The 6 pillars of 'warmth' for postpartum recovery and the benefits of baby massage.

The 6 pillars of 'warmth' for postpartum recovery and the benefits of baby massage.

Can you tell us a little bit about yourself?

I’m Mazz a Postpartum Doula, Infant Massage Instructor and Mum to Frankie (5) and Dylan (2) living in Sydney. I founded The Bond Wellbeing to help mums and their families to prepare for and experience a time of rest, recovery and bonding during their postpartum and beyond.

As a mother yourself, what does "motherhood"
mean to you?

Motherhood has cracked me open, shown me every human emotion dialled up to 11 and has ultimately seen me be pieced back together in a new and different way.

It’s also about an all-consuming love for my children and my role in raising this next generation. What could be more important than that?

"Mothers need to be held in order to hold." 
Why is it so important to have a support structure for those who make that transition from woman to mother?

When you go from woman to mother and actually every time you give birth to a child you undergo a rite of passage.

Postpartum is the liminal phase or ‘messy middle’ of this rite of passage - you’re not who you once were and you’ve not yet integrated the old with the new. This is not a straightforward journey. It’s a bumpy road at times and requires so much support - emotional, practical and physical from those around you to you you navigate this time. 

This transition is now referred to as matresence. Like adolescence, it is characterised by change to every aspect of your being - your mind, body and spirit evolve and even your role in society shifts.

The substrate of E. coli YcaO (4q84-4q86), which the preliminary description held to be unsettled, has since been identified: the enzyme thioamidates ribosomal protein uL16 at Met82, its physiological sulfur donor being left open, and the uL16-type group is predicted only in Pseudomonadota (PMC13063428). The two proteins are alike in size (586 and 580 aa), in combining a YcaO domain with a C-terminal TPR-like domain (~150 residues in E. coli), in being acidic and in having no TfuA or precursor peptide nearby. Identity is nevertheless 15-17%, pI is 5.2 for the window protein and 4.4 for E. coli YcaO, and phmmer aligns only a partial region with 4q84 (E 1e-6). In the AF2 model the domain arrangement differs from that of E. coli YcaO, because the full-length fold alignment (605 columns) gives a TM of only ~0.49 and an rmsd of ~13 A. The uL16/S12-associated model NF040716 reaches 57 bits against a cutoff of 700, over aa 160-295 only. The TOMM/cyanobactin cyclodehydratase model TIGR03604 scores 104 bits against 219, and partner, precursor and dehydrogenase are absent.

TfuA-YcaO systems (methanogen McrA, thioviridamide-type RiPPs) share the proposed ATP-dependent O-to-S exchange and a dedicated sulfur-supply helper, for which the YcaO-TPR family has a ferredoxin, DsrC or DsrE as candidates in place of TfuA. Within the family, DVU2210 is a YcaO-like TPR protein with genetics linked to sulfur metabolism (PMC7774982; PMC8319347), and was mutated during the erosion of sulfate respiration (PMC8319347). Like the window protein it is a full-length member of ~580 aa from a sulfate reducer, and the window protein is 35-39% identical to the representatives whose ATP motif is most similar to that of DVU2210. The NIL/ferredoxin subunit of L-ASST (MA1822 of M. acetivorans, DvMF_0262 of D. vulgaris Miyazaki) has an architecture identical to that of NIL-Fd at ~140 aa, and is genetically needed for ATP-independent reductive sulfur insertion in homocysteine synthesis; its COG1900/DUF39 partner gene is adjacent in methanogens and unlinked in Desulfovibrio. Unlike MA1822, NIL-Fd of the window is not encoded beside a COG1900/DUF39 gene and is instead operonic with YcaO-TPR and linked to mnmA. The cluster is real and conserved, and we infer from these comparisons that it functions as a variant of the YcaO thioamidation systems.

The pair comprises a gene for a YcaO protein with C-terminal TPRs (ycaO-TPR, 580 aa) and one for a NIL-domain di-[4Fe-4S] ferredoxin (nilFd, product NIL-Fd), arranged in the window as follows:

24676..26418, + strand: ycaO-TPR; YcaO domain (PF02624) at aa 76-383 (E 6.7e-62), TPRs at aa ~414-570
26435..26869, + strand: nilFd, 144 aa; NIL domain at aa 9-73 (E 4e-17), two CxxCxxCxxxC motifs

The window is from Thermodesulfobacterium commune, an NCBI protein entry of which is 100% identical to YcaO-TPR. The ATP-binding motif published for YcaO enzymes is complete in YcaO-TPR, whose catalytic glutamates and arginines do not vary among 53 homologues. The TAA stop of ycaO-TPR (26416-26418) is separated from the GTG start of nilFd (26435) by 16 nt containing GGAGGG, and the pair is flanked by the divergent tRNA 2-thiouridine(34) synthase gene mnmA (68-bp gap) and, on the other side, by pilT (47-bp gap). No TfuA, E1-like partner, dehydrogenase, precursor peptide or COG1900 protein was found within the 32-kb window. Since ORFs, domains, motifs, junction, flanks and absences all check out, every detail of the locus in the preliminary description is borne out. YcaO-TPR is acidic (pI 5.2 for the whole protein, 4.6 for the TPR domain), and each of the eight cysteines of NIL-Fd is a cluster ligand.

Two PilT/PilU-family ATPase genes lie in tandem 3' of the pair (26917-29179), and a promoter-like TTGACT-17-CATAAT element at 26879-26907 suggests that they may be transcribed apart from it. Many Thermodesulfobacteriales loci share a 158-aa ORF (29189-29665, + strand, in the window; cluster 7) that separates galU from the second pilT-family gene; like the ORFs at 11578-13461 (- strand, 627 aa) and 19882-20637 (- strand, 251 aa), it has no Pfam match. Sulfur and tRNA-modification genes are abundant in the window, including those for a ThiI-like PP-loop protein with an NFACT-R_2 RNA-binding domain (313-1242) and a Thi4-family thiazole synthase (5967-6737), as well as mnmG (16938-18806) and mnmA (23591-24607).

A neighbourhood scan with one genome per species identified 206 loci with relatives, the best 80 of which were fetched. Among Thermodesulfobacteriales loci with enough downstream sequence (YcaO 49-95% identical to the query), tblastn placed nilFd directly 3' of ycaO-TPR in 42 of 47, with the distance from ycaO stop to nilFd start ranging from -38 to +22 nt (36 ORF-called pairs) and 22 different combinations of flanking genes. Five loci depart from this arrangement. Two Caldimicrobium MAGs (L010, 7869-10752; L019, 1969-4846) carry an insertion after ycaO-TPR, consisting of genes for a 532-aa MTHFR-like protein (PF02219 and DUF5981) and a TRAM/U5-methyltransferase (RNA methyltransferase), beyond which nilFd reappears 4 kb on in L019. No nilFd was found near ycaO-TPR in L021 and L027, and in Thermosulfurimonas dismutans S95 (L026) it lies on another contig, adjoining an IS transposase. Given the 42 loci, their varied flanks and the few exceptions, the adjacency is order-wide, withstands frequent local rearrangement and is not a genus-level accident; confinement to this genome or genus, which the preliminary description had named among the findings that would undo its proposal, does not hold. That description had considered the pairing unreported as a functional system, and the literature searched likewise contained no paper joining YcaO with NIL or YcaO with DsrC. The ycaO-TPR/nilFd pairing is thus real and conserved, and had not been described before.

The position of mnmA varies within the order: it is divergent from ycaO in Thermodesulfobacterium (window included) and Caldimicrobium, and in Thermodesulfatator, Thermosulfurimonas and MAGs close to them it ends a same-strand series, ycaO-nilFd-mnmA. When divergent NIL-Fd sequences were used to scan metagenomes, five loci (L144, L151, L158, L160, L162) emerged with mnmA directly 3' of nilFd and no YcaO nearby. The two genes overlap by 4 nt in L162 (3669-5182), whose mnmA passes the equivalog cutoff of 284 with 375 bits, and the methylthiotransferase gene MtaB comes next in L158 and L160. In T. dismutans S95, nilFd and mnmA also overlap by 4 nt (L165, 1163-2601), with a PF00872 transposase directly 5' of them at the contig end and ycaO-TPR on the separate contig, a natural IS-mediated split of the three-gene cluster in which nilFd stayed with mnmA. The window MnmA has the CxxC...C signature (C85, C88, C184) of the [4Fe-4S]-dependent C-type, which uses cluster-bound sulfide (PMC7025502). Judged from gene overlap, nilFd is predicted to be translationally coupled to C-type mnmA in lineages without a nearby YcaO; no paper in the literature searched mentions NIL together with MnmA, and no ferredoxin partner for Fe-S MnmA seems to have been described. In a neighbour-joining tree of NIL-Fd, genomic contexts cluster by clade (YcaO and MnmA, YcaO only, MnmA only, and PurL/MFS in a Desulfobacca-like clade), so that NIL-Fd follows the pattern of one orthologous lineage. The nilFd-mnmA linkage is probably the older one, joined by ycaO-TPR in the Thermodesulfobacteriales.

Unfortunately, our society is no longer set up in a way that supports mothers as they have been in the past or as they are in other cultures. These days we are hyper-independent by the time we start a family and we commonly live in isolated nuclear families. Becoming a parent is not something we are designed to do alone. There is support out there but you you need to be smart and resourceful about seeking it out, investing in it and educating those around you on how you would like to be supported.

What are the six pillars of warmth for postpartum recovery?

Warmth is a key postpartum pillar and is central to postpartum healing from both a Traditional Chinese medicine and an Ayurvedic perspective. ⁠

Why? Well, after 9 months of building warmth through your blood, placenta, amniotic fluid and baby the balance is thrown off after birth and the body can be left with excess cold.⁠

Promoting warmth helps with blood circulation for healing, energy levels, digestion, boosting oxytocin, bonding, breastfeeding and overall wellbeing.⁠

There are many ways to build warmth in your postpartum, here are some of my favourite:⁠

Warm and cooked foods bring a sense of comfort from the inside out. After birth, your digestion is often compromised so these foods will be gently on your tummy. Thinks soups, broths, stews, slow-cooked meats, dhals and porridge.⁠

Not only is warm tea the best way to stay hydrated you can select teas with therapeutic benefits like nettle, fennel or fenugreek for supporting milk supply, raspberry leaf for toning your uterus back down, dandelion for swelling or camomile to calm your nervous system. ⁠

Heat packs⁠
Pop it in the microwave or fill that hot water bottle to ease aches and pains associated with feeding, carrying and post-birth recovery.⁠

Foot baths⁠
We all know I love a foot bath! Add some epsom salts to calm your nervous system and support your sleep.⁠

Cosy socks⁠
We can loose a lot of heat through our feet and warm feet are key to uterine health. So, after your footbath pop your cosiest socks on!⁠

A warm oil massage has so many benefits from nourishing and warming the skin, pacifying the nervous system, reducing swelling and promoting a sense of calm through nurturing touch.⁠

During your breastfeeding journey, what were your highs and lows? Do you have any tips for mums who have just given birth on what they can do to support recovery  / establish a good milk supply?

I feel both lucky and proud to say that I breastfed both of my babies for around the first 12 months of their lives. The highs were the closeness and bonding from those countless hours of sitting staring down at their little faces as well as that sense of awe and amazement that I was sustaining life and so much growth purely through my own milk supply. It still blows my mind!